By 1592, there is evidence William Shakespeare earned a living as an actor and a playwright in London and possibly had several plays produced. The September 20, 1592 edition of the Stationers’ Register (a guild publication) includes an article by London playwright Robert Greene that takes a few jabs at William Shakespeare: “…There is an upstart Crow, beautified with our feathers, that with his Tiger’s heart wrapped in a Player’s hide, supposes he is as well able to bombast out a blank verse as the best of you: and being an absolute Johannes factotum, is in his own conceit the only Shake-scene in a country,” Greene wrote of Shakespeare.
Scholars differ on the interpretation of this criticism, but most agree that it was Greene’s way of saying Shakespeare was reaching above his rank, trying to match better known and educated playwrights like Christopher Marlowe, Thomas Nashe or Greene himself.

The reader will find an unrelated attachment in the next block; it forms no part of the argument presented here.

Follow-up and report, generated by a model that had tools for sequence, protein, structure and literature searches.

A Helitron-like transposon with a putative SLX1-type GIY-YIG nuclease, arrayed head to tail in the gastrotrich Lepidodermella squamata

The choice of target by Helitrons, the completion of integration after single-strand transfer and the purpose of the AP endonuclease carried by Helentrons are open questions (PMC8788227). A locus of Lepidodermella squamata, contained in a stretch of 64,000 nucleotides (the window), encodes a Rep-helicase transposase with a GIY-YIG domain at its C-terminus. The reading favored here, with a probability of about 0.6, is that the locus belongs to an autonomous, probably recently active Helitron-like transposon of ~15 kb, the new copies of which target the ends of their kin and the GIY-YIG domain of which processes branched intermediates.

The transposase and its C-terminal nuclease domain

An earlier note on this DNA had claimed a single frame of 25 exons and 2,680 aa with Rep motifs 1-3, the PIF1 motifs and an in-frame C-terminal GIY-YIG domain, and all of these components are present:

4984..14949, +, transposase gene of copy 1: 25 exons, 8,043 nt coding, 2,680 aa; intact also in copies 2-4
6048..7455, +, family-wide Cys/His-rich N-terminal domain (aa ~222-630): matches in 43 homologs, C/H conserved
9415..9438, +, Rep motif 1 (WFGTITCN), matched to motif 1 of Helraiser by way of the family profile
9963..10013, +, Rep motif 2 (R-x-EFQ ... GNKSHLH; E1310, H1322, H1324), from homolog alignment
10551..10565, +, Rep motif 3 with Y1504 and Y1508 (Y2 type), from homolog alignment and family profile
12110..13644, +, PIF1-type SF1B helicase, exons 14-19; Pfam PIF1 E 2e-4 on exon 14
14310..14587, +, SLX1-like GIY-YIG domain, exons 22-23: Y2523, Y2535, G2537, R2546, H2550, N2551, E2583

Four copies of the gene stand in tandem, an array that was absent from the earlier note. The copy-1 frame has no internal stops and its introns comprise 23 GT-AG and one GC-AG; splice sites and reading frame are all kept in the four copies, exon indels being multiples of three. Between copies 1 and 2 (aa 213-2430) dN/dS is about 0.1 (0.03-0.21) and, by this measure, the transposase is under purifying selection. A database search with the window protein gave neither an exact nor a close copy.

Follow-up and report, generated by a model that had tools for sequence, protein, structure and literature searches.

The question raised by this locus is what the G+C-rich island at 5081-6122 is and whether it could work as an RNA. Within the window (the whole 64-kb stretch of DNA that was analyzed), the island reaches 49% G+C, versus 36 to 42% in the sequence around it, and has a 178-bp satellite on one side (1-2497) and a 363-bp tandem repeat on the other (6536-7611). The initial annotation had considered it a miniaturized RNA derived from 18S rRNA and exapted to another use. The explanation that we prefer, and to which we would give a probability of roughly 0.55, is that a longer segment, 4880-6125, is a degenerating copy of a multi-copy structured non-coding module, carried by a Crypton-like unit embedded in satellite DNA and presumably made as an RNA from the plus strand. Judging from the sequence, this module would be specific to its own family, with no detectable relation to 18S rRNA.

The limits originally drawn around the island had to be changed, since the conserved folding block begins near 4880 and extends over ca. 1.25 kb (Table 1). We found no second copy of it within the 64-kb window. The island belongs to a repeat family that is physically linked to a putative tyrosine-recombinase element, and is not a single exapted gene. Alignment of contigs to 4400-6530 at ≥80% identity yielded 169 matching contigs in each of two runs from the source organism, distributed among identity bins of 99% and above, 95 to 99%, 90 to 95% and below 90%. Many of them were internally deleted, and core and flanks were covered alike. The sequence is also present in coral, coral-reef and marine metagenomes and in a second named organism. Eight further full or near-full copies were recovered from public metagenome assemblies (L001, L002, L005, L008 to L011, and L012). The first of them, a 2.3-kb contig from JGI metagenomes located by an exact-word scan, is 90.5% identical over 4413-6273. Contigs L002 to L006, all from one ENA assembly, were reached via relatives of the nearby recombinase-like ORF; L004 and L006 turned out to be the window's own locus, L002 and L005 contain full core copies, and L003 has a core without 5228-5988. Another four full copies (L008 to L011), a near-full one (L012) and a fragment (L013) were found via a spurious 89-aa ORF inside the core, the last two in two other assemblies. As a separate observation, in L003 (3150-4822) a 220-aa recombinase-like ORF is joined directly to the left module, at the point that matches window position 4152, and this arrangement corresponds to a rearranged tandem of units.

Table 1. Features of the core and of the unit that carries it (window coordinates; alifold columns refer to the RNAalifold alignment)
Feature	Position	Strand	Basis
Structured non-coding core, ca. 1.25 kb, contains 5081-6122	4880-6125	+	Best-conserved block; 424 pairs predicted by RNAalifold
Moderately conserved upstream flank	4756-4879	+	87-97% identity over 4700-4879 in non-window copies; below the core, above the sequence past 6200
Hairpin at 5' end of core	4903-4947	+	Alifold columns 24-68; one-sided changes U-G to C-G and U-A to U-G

By the early 1590s, documents show William Shakespeare was a managing partner in the Lord Chamberlain’s Men, an acting company in London. After the crowning of King James I, in 1603, the company changed its name to the King’s Men. From all accounts, the King’s Men company was very popular, and records show that Shakespeare had works published and sold as popular literature. The theater culture in 16th century England was not highly admired by people of high rank. However, many of the nobility were good patrons of the performing arts and friends of the actors. Early in his career, Shakespeare was able to attract the attention of Henry Wriothesley, the Earl of Southampton, to whom he dedicated his first- and second-published poems: “Venus and Adonis” (1593) and “The Rape of Lucrece” (1594).